Origins of American Colonist Taylors
The goal of this page is to help you find the origins of your earliest
Taylor ancestors. It explores where in the British Isles your Taylor
colonial ancestors may have come from.
We know that the Taylor surname and its variants is largely a product of the
British Isles -- England, Scotland and Ireland. (Wales is intentionally left
off the list, because the name is historically uncommon there.)
But England, especially, is a composite of ethnicities -- Celtic, Saxon and Norse
to name a few.
This page is inspired by a blog by
The focus here is on colonial emigration from the British Isles to America.
Apologetically, we do not focus on emigration from other areas (such as Germany
or Africa) nor on later waves of
Beginning in the late 16th century (the "lost colony" of Roanoke) Great
Britain began to establish its presence in North America through colonies
along the eastern seaboard. Each colony was established through a Royal charter (from
the King) and was settled according to the plans of its grantees.
The thirteen colonies, in the order of their establishments as British
Virginia -- Jamestown, VA, founded by the London Company
with a profit motive was the first successful British settlement in North
America. Virginia was named for
Elizabeth, the Virgin Queen of England, and became a Royal colony (under supervision by the King
via his appointed governor) in 1624 when the company went bankrupt.
- 1630 population = 2,500
- 1640 pop'n. = 10,400
- 1660 pop'n. = 27,000
- 1680 pop'n. = 43,600
- 1700 pop'n. = 58,600
Massachusetts (Plymouth 1620 &
1624) colonies; founded by separate groups for both religious and profit motives.
The two colonies
were merged into the Province of Massachusetts and became a Royal colony in
- The Pilgrims of Plymouth (from the English town on the western edge of Devon) were a mix of
separatist Congregationalists and some Anglicans.
- The Massachusetts Bay colonists were staunch Puritans; their backers had
been investors in the failed Dorchester Company.
- Financial backers of both hoped for profit, which they achieved.
- 1630 population = 900
- 1640 pop'n. = 1,000 + 8,900
- 1660 pop'n. = 2,000 + 20,100
- 1680 pop'n. = 6,400 + 39,800
- 1700 pop'n. = 55,900
New Hampshire; founded
as a fisherman's camp by John Wheelwright
at Portsmouth, NH, named for the port city in Hampshire, England. It became a
Royal colony in 1679.
- 1630 population = 500
- 1640 pop'n. = 1,100
- 1660 pop'n. = 1,600
- 1680 pop'n. = 2,000
- 1700 pop'n. = 5,000
Maryland colony; founded by the Calvert family (the Lords Baltimore),
primarily for religious reasons. (The Calverts had converted to Catholicism and desired a place where
their religion would be tolerated.)
It was named for Queen Henrietta Maria, wife of King Charles I.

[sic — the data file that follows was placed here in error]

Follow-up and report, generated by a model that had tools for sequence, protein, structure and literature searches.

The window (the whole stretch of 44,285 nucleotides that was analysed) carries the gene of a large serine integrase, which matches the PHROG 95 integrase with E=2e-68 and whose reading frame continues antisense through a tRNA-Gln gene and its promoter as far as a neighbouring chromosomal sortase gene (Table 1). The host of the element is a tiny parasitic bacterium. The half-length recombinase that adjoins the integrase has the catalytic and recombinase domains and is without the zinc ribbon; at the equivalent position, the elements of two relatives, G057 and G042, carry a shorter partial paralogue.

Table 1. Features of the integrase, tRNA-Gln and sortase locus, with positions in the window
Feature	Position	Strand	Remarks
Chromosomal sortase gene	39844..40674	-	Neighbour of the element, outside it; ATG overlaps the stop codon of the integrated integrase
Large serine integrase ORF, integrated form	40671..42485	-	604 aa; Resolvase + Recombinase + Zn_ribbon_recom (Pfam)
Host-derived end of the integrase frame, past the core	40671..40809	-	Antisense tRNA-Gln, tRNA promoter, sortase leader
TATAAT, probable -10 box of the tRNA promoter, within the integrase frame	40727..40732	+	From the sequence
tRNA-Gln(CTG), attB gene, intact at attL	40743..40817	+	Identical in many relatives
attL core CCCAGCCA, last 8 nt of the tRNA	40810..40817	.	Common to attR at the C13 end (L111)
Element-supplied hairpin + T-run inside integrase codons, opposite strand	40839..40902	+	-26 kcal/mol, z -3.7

Until the Revolutionary War, tens of thousands of English convicts were sent to Maryland.
Despite tribulations, it never became a Royal colony.
- 1640 population = 500
- 1650 pop'n. = 4,500
- 1660 pop'n. = 8,400
- 1680 pop'n. = 17,900
- 1700 pop'n. = 29,600
founded by Thomas Hooker as a haven for Puritan gentlemen. It did not become a Royal
- It included the colonies of
New Haven and
Saybrook, which merged with it.
- 1640 pop'n. = 1,500
- 1650 population = 4,100
- 1660 pop'n. = 8,000
- 1680 pop'n. = 17,200
- 1700 pop'n. = 26,000
founded by Roger Williams, after banishment from the
Massachusetts Bay Colony for his religious views; it was the first colony to
specifically separate church and state. It did not become a Royal colony.
- 1640 population = 300
- 1650 pop'n. = 800
- 1660 pop'n. = 1,500
- 1680 pop'n. = 3,000
- 1700 pop'n. = 5,900
has a complex history; it is considered to have been founded by Peter Minuit and the New Sweden Company,
although a Dutch settlement had been established in 1631 and -- from a
British perspective was only the "lower counties" of Pennsylvania or New
York or, sometimes, eastern Maryland . Named for Thomas West, the 3rd Baron De La Warr, whose
rescue mission saved Jamestown from starvation; it did not become a Royal
colony. (Again complicated, De La Warr gave his name to the river, which was
then taken for the state's name.)
- 1640 pop'n. = ?
- 1650 pop'n. = 200
- 1660 pop'n. = 500
- 1680 pop'n. = 1,000
- 1700 pop'n. = 2,500
colony; founded by Virginians seeking land. The date does not count from
the Lost Colony of Roanoke on a North Carolina island in 1584 , but from the first Virginian (Nathaniel Batts) moving south
onto the shore of Albemarle Sound -- land that had been granted to the Carolina
The colony was formally separated from South Carolina in 1712 and, because of internal problems,
became a Royal colony in 1729.
- 1660 pop'n. = 1,000
- 1670 pop'n. = 3,800
- 1680 pop'n. = 5,400